"short_name": "MyPWA",
  "start_url": "/index.html",
  "display": "standalone",
  "background_color": "#ffffff",
  "theme_color": "#000000",
  "icons": [
      "src": "/images/icon-192x192.png",
      "sizes": "192x192",
      "type": "image/png"
      "src": "/images/icon-512x512.png",
      "sizes": "512x512",
      "type": "image/png"

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. name and short_name: The name and short name of your app.
. start_url: The URL that the app should start at when launched.
. display: Defines the mode in which the PWA will be displayed (e.g., standalone, fullscreen).
. background_color: The background color of the splash screen.
. theme_color: The color of the app’s toolbar.
. icons: Array of icons for the PWA in different sizes.

Save the manifest.json file in the root directory of your project or in a directory that you can reference directly.
Finally, ensure you link the manifest file in the <head> of your HTML:

<link rel="manifest" href="/manifest.json">
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  • Ensure Responsiveness:
    Use CSS media queries and flexible grids to design the app for various screen sizes and orientations.

  • Optimize Performance:
    Techniques such as lazy loading, code splitting, and efficient caching are essential. Tools like Lighthouse can audit and suggest performance improvements.

  • Enable Push Notifications:
    Implement push notifications using the Push API and service workers to re-engage users with timely updates.

Examples and Impact of PWAs

Several notable companies have adopted PWAs and witnessed significant improvements in user engagement and performance:

  • Twitter Lite: After launching its PWA, Twitter experienced a 65% increase in pages per session, a 75% increase in Tweets sent, and a 20% decrease in bounce rate.
  • Starbucks: Starbucks saw a 2x increase in daily active users with its PWA, allowing customers to browse the menu, customize orders, and add items to their cart, even offline.
  • Trivago: The travel booking platform achieved a 150% increase in user engagement with its PWA, providing a seamless experience across all devices.
  • Pinterest: Pinterest's PWA led to a 60% increase in core engagement and a 44% increase in user-generated ad revenue.

These examples highlight the transformative impact PWAs can have on user experience and business metrics.

Useful and Helpful Links

To further enhance your understanding and implementation of Progressive Web Apps (PWAs), here are some valuable resources:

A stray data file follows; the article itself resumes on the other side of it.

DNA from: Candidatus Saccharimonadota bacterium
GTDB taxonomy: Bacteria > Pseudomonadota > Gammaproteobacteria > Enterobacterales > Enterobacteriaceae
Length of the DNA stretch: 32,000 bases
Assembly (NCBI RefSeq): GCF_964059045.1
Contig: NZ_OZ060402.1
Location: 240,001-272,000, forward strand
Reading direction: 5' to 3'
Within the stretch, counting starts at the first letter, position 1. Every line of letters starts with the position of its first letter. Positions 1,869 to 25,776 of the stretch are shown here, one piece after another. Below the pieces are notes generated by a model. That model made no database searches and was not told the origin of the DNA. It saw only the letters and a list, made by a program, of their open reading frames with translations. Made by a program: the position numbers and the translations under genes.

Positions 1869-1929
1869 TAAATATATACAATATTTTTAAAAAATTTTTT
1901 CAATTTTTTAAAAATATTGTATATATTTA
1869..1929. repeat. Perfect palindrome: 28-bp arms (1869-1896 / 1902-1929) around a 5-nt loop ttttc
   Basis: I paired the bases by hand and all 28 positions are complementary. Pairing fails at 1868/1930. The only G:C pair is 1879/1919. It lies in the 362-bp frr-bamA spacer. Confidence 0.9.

• - Progressive Web Apps: Comprehensive guides and best practices for building high-quality PWAs, focusing on performance, reliability, and user engagement.

  • MDN Web Docs - Progressive Web Apps: Detailed documentation from Mozilla on PWA technologies and implementation techniques, ideal for both beginner and experienced developers.

  • PWA Builder Docs - Adding a Web Manifest: Step-by-step guide on adding a web manifest to your existing app, crucial for making your PWA installable.

  • PWA Builder: A tool that simplifies the process of converting websites into PWAs by generating essential components like service workers and manifest files.

  • Visual Studio Marketplace - PWA Studio: An extension for Visual Studio that helps developers create and optimize PWAs directly within their development environment.

These resources provide essential tools, documentation, and best practices to help you effectively develop and deploy Progressive Web Apps, ensuring a seamless, app-like experience for users across all devices.


In today's digital landscape, the necessity of using Progressive Web Apps cannot be overstated. They offer the reliability, speed, and engagement of native apps while maintaining the broad reach and accessibility of web applications. PWAs are not just a trend but a fundamental shift in how we approach web and mobile application development. By embracing PWAs, businesses can deliver superior user experiences, drive engagement, and stay competitive in an ever-evolving digital world. It's time to harness the power of PWAs and redefine the boundaries of what's possible on the web.